In Ascending and Descending, M.C. Escher draws us a castle of sorts, roofed with an impossible staircase, that enrobed figures are dutifully marching up and down on, in separate lines. Forever trapped in their march, no one is moving onward. I think about this image a lot when something stops making sense or working. I see the paradox as opportunity: How can the situation be made that you want the snake to eat its tail?
Escher also drew two outlier figures in the image, referred to as ‘free.’ These two figures, released of the tyranny of the stairs, have very different paths. One looks upon the poor marchers from a lower balcony, watching them while leaning back against the railing. The other, at the very bottom, sits on the castle’s front staircase. The figure could be contemplating what’s beyond their existence of this mysterious space. Perhaps our figure now sits at the end of their universe, but unlike the comrades above, or the other outlier, the figure on the front steps is still searching for the horizon. Escher called these free people, saying they were too head-strong to be among the laborers on the stairs, but would eventually see the err in their non-conformity and give it up to return to the cult.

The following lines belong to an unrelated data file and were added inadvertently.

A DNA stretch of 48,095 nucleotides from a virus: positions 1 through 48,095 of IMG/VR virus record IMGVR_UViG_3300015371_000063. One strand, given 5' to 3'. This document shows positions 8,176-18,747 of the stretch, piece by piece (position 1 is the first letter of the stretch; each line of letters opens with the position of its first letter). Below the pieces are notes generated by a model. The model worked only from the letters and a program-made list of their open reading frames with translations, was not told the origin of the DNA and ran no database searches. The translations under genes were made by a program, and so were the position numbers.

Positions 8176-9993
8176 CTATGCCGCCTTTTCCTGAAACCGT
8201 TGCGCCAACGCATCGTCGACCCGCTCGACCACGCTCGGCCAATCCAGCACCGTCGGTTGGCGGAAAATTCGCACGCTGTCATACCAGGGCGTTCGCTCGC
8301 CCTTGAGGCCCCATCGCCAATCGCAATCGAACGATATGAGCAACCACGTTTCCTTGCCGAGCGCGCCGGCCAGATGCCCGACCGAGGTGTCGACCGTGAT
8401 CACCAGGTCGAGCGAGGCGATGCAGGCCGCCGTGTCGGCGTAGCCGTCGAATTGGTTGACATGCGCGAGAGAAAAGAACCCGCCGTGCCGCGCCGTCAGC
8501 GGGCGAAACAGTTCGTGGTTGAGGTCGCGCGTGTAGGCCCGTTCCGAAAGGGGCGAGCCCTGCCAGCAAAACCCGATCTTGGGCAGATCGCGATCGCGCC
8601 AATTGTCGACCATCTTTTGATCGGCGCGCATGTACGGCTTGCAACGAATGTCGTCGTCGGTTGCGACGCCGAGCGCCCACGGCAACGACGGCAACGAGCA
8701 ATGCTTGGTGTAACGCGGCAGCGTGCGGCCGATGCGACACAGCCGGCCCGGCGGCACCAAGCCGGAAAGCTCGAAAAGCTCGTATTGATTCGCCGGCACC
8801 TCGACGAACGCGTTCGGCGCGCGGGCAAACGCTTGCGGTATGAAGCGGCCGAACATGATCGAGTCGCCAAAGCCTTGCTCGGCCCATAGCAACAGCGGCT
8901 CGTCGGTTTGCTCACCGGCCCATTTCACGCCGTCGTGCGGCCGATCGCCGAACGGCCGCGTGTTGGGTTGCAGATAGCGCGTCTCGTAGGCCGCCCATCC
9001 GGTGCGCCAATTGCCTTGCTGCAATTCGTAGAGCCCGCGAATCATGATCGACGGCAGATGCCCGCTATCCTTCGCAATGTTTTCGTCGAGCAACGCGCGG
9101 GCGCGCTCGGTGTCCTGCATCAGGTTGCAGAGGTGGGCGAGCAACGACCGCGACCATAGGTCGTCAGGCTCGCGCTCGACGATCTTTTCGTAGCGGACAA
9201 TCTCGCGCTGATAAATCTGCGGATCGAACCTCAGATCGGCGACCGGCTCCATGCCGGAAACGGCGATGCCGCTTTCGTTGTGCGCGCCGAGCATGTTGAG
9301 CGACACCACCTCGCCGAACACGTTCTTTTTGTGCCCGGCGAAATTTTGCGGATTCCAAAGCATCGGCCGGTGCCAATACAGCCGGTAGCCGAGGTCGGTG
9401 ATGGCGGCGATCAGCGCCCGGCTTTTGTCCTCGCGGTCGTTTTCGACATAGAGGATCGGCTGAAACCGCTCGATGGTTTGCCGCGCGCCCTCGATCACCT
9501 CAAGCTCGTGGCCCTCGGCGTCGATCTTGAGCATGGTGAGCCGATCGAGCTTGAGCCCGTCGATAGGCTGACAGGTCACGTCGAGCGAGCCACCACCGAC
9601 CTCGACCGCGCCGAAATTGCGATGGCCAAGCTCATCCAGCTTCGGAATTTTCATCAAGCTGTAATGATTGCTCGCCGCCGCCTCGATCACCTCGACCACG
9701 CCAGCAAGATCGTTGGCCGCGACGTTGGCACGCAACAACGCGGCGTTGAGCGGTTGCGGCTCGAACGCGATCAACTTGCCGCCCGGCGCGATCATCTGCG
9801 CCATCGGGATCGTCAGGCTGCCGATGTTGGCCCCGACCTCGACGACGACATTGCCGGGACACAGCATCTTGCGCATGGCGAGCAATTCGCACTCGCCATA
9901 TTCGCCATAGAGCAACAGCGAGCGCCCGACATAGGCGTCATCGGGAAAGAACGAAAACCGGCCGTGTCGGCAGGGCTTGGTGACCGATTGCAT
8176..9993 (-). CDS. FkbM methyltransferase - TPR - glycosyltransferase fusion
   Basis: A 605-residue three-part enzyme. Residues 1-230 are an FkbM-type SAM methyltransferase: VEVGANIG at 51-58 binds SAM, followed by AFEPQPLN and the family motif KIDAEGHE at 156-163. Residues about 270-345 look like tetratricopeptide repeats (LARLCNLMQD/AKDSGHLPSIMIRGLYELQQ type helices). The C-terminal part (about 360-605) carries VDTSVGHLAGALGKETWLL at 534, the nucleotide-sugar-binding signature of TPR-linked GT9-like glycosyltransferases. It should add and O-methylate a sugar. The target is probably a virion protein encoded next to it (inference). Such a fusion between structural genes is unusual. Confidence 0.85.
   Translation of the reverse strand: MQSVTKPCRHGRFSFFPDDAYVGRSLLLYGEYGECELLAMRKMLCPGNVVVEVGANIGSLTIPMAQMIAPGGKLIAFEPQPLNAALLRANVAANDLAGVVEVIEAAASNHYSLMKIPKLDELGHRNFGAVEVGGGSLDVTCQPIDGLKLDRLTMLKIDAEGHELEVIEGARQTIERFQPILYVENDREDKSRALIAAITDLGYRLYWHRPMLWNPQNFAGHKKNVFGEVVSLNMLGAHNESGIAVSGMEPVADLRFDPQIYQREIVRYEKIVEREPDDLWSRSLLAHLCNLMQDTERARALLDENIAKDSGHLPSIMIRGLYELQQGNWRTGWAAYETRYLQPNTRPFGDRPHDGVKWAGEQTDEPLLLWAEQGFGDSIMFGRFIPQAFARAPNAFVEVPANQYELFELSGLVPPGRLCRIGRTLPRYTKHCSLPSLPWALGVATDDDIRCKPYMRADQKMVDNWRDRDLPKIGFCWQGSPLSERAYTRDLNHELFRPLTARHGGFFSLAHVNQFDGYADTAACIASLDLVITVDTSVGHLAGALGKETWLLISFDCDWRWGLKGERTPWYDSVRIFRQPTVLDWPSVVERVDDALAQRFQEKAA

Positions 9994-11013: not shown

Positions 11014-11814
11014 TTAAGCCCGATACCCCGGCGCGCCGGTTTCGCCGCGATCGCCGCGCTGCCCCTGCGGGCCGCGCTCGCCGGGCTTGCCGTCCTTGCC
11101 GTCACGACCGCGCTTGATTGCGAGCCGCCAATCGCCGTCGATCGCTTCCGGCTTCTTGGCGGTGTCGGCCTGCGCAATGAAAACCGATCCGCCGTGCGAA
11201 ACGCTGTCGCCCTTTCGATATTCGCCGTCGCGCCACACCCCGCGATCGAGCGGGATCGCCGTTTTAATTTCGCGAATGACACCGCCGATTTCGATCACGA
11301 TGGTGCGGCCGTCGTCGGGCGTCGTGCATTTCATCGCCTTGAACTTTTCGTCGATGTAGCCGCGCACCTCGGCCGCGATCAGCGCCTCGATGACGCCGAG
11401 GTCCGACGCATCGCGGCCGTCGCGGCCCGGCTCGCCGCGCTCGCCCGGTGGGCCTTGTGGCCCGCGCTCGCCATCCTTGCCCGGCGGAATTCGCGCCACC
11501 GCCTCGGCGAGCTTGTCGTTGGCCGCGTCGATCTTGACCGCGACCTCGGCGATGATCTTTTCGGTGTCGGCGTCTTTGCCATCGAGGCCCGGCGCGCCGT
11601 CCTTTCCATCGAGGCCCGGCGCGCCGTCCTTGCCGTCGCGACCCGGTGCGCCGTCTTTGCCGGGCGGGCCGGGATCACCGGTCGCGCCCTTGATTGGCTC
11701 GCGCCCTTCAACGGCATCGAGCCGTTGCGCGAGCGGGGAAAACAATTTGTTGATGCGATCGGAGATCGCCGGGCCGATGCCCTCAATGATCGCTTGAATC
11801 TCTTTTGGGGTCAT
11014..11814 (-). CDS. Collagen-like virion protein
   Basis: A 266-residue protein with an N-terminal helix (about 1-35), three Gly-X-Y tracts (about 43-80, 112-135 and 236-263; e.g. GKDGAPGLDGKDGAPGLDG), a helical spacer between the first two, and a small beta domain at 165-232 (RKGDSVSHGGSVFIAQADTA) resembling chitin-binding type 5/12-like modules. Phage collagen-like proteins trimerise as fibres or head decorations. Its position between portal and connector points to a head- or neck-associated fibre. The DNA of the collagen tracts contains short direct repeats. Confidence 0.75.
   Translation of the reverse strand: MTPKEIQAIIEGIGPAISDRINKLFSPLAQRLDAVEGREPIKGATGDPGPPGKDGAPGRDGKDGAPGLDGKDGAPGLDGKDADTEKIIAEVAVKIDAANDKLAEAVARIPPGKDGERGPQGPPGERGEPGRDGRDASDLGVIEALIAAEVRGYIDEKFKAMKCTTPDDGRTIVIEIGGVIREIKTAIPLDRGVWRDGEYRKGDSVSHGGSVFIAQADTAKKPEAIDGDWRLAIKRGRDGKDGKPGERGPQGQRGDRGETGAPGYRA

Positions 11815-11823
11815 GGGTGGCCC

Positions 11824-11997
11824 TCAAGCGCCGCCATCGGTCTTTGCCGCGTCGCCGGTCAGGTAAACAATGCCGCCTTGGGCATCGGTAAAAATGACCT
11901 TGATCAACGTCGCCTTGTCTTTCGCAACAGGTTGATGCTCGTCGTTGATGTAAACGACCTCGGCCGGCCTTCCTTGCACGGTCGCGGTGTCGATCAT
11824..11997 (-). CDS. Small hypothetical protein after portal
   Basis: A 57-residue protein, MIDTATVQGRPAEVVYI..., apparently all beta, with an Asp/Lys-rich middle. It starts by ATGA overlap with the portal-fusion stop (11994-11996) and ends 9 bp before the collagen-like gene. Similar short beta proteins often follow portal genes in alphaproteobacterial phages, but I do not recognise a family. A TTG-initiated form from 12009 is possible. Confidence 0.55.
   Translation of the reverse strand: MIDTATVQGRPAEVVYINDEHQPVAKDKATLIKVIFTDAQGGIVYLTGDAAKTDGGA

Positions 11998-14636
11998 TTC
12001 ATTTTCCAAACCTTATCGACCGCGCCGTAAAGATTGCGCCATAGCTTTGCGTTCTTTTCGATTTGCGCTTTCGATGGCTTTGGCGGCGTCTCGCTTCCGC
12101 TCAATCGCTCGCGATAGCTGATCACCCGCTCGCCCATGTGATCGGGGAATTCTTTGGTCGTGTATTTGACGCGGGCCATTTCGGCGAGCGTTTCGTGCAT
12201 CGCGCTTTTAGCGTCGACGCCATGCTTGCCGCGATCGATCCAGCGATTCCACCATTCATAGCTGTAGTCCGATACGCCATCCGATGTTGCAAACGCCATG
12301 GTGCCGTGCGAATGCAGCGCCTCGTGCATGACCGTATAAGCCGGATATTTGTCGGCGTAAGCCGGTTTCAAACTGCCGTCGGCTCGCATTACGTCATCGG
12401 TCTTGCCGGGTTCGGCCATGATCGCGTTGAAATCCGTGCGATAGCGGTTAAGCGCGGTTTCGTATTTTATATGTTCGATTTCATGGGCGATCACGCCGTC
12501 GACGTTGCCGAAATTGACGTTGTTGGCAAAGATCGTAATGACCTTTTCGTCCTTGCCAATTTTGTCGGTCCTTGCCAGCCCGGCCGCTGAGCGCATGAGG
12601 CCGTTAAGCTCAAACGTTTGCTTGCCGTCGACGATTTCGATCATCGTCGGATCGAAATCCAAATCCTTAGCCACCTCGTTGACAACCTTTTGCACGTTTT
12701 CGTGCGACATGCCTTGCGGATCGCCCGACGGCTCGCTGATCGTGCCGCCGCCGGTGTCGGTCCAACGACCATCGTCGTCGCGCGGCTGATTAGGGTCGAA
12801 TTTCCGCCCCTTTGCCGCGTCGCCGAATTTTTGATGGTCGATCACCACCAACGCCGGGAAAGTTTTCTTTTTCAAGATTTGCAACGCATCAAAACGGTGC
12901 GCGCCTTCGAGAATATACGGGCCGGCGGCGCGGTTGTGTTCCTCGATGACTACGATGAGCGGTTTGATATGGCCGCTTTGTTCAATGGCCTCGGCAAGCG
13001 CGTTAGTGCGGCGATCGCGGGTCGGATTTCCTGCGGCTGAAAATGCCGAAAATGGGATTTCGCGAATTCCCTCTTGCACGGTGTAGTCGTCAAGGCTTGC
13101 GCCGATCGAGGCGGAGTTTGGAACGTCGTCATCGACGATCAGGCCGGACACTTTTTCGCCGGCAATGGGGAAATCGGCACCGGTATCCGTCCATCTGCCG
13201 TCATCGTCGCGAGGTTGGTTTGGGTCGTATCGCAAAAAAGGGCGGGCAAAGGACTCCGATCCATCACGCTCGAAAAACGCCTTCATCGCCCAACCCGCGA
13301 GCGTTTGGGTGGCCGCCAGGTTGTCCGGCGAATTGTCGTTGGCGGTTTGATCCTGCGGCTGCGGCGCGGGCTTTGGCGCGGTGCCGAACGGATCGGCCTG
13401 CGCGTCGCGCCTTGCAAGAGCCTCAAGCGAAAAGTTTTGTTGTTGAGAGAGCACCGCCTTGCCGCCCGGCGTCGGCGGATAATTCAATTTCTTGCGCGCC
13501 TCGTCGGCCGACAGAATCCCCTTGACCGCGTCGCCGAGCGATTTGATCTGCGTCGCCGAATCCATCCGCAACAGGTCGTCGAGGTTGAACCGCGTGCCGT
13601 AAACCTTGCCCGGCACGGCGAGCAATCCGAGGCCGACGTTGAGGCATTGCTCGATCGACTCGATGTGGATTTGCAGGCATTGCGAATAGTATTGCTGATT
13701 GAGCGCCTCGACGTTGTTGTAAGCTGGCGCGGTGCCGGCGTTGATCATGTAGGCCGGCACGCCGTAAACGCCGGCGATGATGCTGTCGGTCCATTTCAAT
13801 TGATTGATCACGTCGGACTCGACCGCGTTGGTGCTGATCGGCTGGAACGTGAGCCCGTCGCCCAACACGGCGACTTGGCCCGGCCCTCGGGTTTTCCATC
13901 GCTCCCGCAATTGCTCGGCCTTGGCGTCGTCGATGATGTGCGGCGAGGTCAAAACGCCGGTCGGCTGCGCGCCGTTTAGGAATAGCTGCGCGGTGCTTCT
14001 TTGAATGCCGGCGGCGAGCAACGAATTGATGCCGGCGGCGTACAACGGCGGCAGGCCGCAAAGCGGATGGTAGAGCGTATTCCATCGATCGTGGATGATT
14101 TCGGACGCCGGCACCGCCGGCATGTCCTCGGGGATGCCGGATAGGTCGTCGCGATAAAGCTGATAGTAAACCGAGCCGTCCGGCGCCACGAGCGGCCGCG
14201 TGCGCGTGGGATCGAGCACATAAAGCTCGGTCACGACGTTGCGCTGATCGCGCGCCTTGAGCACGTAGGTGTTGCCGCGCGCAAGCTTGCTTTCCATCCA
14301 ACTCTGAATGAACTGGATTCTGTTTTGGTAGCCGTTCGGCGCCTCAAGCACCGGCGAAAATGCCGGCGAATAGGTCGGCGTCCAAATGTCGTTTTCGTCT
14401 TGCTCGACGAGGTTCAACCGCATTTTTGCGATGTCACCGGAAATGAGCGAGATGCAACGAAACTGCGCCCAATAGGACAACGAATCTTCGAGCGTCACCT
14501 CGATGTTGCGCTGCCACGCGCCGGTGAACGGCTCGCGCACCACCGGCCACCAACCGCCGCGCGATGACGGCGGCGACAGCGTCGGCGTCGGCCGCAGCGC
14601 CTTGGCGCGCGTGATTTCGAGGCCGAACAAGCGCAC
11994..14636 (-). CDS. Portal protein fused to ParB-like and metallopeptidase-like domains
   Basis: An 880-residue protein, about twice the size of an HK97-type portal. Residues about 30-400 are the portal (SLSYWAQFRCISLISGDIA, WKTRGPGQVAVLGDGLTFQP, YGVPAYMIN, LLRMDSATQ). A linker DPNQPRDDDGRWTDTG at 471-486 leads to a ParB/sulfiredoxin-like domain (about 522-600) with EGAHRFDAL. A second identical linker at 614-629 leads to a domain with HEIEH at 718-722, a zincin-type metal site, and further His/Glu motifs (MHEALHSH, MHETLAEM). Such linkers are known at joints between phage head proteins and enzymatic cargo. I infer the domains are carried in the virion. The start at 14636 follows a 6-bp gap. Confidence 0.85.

After two weeks together at bscl (that’s a lot of therapy) in a leadership ‘haze,’ I believe the Berlin School has shown us that we are all the figure on the steps. Whether or not we’ve reached the end of the universe, with purpose or without, we must never stop looking for the next horizon beyond the castle stairs.